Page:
Best of 2019: Books

I suppose it's time once again for my once a year post! And what else would be worth coming out of semi-retirement for than books?

According to Goodreads, I read 80 books this year. Once again, I tried to clear off my bookshelves a bit, and ended up reading 5 books from my shelf, none of which is going to make this list! I also "read" 28 audio books. If you have not discovered Hoopla yet (a library app), you should check it out! Their books are always available (no hold/wait time), although the selection is a little smaller than Overdrive.

Without further ado, here are 10 of my favorite books from 2019, in no particular order.

Educated by Tara Westover - This is a true story about a girl growing up in Idaho with survivalist parents. They don't believe in school, hospitals or education. Her father makes her work in his scrap metal business where the machinery is unsafe and the work is long and tiring. She begins to educate herself on the sly and finally gets free from the situation, but not without a long and painful journey first.

Becoming by Michelle Obama - Whether or not you are a fan of Mr. Obama, you should read this book. It is a story of a strong woman and the paths that her life took, starting in a small neighborhood in Chicago, and leading to the White House and beyond. It opened my eyes about some of the things that happened while the Obamas were in the White House. For instance, I did not realize the extent of their gardening and healthy eating program. Nor did I know what it was like to have the Secret Service follow you around all of the time. This was a fun "peek" into the lives of Michelle and her family.

Call Your Daughter Home by Deb Spera - This was a surprise I found on Hoopla and it was a pleasant one! Set in 1924 South Carolina, it is a story of three women, a plantation owner, her African American servant and a poor white single mother of four. It's a story of the strength of women, no matter what their situation.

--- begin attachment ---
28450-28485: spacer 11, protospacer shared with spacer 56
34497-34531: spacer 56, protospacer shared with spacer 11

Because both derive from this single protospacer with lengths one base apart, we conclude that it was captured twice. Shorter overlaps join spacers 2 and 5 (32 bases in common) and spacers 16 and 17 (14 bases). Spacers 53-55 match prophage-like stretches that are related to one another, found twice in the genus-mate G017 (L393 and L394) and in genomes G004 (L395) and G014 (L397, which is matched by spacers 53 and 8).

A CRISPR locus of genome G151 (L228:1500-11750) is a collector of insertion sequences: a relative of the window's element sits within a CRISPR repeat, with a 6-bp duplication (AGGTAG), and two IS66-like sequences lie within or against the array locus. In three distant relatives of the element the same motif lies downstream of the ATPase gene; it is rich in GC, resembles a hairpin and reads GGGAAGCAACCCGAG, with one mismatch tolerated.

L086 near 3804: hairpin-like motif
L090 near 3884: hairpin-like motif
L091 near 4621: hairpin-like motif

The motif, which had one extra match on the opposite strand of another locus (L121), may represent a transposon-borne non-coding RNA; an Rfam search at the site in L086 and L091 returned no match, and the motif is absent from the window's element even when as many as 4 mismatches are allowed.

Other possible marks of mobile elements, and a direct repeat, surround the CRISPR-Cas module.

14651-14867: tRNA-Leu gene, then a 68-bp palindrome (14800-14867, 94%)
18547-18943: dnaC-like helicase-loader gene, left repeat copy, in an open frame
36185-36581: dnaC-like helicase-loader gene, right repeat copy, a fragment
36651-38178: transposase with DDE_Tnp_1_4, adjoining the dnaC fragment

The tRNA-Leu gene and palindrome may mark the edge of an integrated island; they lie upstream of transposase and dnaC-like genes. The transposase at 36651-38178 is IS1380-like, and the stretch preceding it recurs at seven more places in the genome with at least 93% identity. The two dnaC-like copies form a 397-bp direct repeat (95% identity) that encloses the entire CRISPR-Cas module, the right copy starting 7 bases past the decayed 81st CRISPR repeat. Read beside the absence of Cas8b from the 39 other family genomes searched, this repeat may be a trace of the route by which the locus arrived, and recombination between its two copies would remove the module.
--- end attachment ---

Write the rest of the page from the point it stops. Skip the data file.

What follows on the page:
The Huntress by Kate Quinn -- Although not as riveting as her book The Alice Network, this was still a very enjoyable read. Set in post WWII Boston, this is a story of the Night Witches, an all-female night bomber regiment wreaking havoc on the invading Germans. After the war, the only one of them to escape the Nazi murderess known as The Huntress starts hunting her.

The Lost Girls of Paris by Pam Jenoff - It's 1946 Manhattan and a women walking through Grand Central finds a suitcase with photos in it of a bunch of different women. Upon trying to find out who the suitcase belongs to, she unearths a story of a ring of secret female agents who were couriers and radio operators during WWII.

The Tattooist of Auschwitz by Heather Morris - A Jewish man from Slovakia gets sent to Auschwitz-Birkenau and is given the job of tattooing every prisoner's number on their arms. He uses his privileged position to trade stolen jewels and furs for food and clothing for the prisoners.

Kingdom of the Blind by Louise Penny - Number 14 in a series of 15, this book did not disappoint. I have actually read three of the series, but on reading my first, I did not know it was a series so I started in the middle and have continued to do so as I have read a couple more of them. However, this has not detracted from my enjoyment of the books I have read so far!

Where the Crawdads Sing by Delia Owens - Part romance, part murder mystery, part coming of age, this book is a tale of a young girl growing up on her own in a swamp. It was a page turner the whole time and I couldn't put it down.

West With the Night by Beryl Markham - If you have ever read Circling the Sun, you will love West With the Night. The story of a very spunky young woman growing up in Kenya in the 1920s. She is a horse trainer, aviator and jack of all trades! She ended up being the first person to fly solo non-stop across the Atlantic from East to West.

Every Note Played by Lisa Genova - Another depressing by fascinating book by Lisa Genova. In the past, she's talked about early onset alzheimers, Huntington's and now she's talking about ALS. Not only does she teach us a lot about the disease itself, but she also details the emotional side of things, which really pulls on the heartstrings.

What good books did you read in 2019?